How about other alternatives? Do the specifications of the Nikon D50 and the Panasonic GX80 place the cameras among the top in their class? Find out in the latest Best DSLR Camera and Best Mirrorless Interchangeable Lens Camera listings whether the two cameras rank among the cream of the crop.
In any case, while the specs-based evaluation of cameras can be instructive in revealing their potential as photographic tools, it remains partial and cannot reveal, for example, the shooting experience and imaging performance when actually working with the D50 or the GX80. At times, user reviews, such as those published at amazon, address these issues in a useful manner, but such feedback is on many occasions incomplete, inconsistent, and unreliable.
This is where reviews by experts come in. The adjacent summary-table relays the overall verdicts of several of the most popular camera review sites (amateurphotographer [AP], cameralabs [CL], digitalcameraworld [DCW], dpreview [DPR], ephotozine [EPZ], photographyblog [PB]). As can be seen, the professional reviewers agree in many cases on the quality of different cameras, but sometimes their assessments diverge, reinforcing the earlier point that a camera decision is often a very personal choice.
|1.||Nikon D50||..||78/100||..||+ +||4/5||4.5/5||Apr 2005||749||ebay.com|
|2.||Panasonic GX80||4.5/5||+ +||..||82/100||5/5||5/5||Apr 2016||799||amazon.com|
|3.||Nikon D5200||4/5||+ +||..||79/100||4.5/5||4.5/5||Nov 2012||749||ebay.com|
|4.||Nikon D5100||5/5||+ +||..||76/100||4.5/5||4.5/5||Apr 2011||749||ebay.com|
|5.||Nikon D3000||..||+||..||72/100||4/5||4.5/5||Jul 2009||599||ebay.com|
|6.||Nikon D5000||..||+ +||..||75/100||4/5||4.5/5||Apr 2009||749||ebay.com|
|7.||Nikon D60||..||80/100||..||+ +||4/5||4.5/5||Jan 2008||629||ebay.com|
|8.||Nikon D40X||..||79/100||..||+ +||4/5||4/5||Mar 2007||729||ebay.com|
|9.||Nikon D40||..||81/100||..||+ +||o||4.5/5||Nov 2006||499||ebay.com|
|10.||Nikon D80||..||+||..||+ +||o||4.5/5||Aug 2006||999||ebay.com|
|11.||Nikon D70s||..||..||..||..||..||5/5||Apr 2005||899||ebay.com|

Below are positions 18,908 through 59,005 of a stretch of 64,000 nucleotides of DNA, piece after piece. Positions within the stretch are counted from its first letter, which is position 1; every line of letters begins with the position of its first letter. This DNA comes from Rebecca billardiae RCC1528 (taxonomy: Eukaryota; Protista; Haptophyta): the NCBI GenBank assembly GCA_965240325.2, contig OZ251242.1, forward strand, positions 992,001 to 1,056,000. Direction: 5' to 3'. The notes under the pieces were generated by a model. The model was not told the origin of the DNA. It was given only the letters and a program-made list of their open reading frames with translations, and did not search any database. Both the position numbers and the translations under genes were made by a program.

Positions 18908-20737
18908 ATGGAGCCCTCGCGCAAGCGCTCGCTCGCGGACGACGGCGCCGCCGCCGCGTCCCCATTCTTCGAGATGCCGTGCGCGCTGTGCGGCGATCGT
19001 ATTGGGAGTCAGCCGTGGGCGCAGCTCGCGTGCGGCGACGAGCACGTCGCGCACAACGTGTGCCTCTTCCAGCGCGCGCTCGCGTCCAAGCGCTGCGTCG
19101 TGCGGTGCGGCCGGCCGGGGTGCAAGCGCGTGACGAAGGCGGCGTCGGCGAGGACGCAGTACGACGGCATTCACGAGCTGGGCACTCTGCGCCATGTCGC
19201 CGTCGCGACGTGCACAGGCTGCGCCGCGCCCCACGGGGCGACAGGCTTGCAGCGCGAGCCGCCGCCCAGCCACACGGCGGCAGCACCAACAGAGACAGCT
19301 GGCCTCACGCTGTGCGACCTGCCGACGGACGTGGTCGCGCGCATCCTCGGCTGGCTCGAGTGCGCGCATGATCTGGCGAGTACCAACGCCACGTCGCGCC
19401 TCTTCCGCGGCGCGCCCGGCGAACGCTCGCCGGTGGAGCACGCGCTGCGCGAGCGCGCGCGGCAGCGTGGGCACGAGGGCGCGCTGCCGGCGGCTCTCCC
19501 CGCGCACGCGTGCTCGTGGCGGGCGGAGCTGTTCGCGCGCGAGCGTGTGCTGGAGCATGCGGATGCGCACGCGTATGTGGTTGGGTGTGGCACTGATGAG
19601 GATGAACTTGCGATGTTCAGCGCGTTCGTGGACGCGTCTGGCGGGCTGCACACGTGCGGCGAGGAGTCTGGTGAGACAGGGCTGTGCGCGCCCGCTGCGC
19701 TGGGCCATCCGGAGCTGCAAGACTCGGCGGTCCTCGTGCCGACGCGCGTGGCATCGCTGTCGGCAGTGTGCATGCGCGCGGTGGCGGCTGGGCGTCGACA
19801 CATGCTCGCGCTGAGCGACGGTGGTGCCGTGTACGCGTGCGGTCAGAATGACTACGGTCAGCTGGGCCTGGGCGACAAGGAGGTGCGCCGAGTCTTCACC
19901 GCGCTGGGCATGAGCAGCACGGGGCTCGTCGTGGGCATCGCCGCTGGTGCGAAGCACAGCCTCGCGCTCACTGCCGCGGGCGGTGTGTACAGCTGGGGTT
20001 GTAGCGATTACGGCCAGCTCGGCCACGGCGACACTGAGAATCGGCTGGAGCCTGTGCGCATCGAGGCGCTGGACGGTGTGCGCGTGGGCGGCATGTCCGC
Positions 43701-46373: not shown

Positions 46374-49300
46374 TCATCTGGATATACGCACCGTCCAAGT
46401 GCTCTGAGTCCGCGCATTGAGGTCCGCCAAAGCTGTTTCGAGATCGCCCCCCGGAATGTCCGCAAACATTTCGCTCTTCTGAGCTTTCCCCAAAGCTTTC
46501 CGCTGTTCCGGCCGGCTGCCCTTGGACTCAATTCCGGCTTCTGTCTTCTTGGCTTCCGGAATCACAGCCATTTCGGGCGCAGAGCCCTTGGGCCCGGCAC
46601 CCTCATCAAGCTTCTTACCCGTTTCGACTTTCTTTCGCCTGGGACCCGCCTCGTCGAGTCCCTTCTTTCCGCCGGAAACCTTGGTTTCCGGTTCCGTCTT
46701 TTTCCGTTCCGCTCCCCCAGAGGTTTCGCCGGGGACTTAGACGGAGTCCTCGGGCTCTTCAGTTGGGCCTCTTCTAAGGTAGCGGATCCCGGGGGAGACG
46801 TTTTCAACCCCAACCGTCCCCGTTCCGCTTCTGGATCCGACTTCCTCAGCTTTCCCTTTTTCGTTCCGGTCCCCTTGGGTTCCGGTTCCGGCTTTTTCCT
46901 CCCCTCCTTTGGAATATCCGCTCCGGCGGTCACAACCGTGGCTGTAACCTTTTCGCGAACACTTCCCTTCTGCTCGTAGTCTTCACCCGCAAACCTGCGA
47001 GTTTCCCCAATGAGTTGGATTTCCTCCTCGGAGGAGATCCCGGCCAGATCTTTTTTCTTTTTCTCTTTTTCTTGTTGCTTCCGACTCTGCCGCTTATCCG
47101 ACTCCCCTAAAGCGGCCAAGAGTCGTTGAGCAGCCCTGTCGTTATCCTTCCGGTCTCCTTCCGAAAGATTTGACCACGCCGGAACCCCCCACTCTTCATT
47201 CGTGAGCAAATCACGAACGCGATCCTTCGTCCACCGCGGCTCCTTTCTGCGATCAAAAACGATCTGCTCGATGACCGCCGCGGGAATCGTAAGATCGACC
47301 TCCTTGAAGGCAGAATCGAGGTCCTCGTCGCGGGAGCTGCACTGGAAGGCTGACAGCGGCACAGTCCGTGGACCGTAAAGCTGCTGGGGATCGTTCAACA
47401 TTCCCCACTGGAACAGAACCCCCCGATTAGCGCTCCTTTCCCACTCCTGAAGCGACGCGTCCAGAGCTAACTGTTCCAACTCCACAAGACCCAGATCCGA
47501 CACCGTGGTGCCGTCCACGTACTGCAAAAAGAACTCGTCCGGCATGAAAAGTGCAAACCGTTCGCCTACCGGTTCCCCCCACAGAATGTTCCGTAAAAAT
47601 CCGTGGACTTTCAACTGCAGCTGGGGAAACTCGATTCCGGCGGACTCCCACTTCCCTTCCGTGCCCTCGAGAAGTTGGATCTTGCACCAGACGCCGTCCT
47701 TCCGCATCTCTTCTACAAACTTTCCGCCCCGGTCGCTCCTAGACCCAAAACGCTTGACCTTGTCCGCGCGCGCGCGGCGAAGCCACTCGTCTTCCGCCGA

|12.||Nikon D70||..||..||..||+ +||..||..||Jan 2004||999||ebay.com|
|13.||Olympus E-M10 II||4.5/5||+ +||..||80/100||5/5||5/5||Aug 2015||649||ebay.com|
|14.||Olympus E-M10||4/5||..||..||80/100||5/5||5/5||Jan 2014||699||ebay.com|
|15.||Panasonic GX9||4/5||+||4/5||84/100||4.5/5||4.5/5||Feb 2018||849||amazon.com|
|16.||Panasonic G80||..||+ +||..||84/100||5/5||4.5/5||Sep 2016||899||ebay.com|
|17.||Panasonic GX7||4/5||+||..||79/100||5/5||5/5||Aug 2013||999||ebay.com|
|Notes: (+ +) highly recommended; (+) recommended; (o) reviewed; (..) not available.|
The review scores listed above should be treated with care, though. The assessments were made in relation to similar cameras of the same technological generation. Hence, a score should always be seen in the context of the camera's market launch date and its price, and comparing ratings of very distinct cameras or ones that are far apart in terms of their release date have little meaning. Also, kindly note that some of the listed sites have over time developped their review approaches and their reporting style.
Other camera comparisons
Did this review help to inform your camera decision process? If you would like to see a different side-by-side camera review, just use the search menu below. There is also a set of direct links to comparison reviews that other users of the CAM-parator app explored.
- Canon 350D vs Panasonic GX80
- Fujifilm X-A5 vs Panasonic GX80
- Leica V-LUX 2 vs Panasonic GX80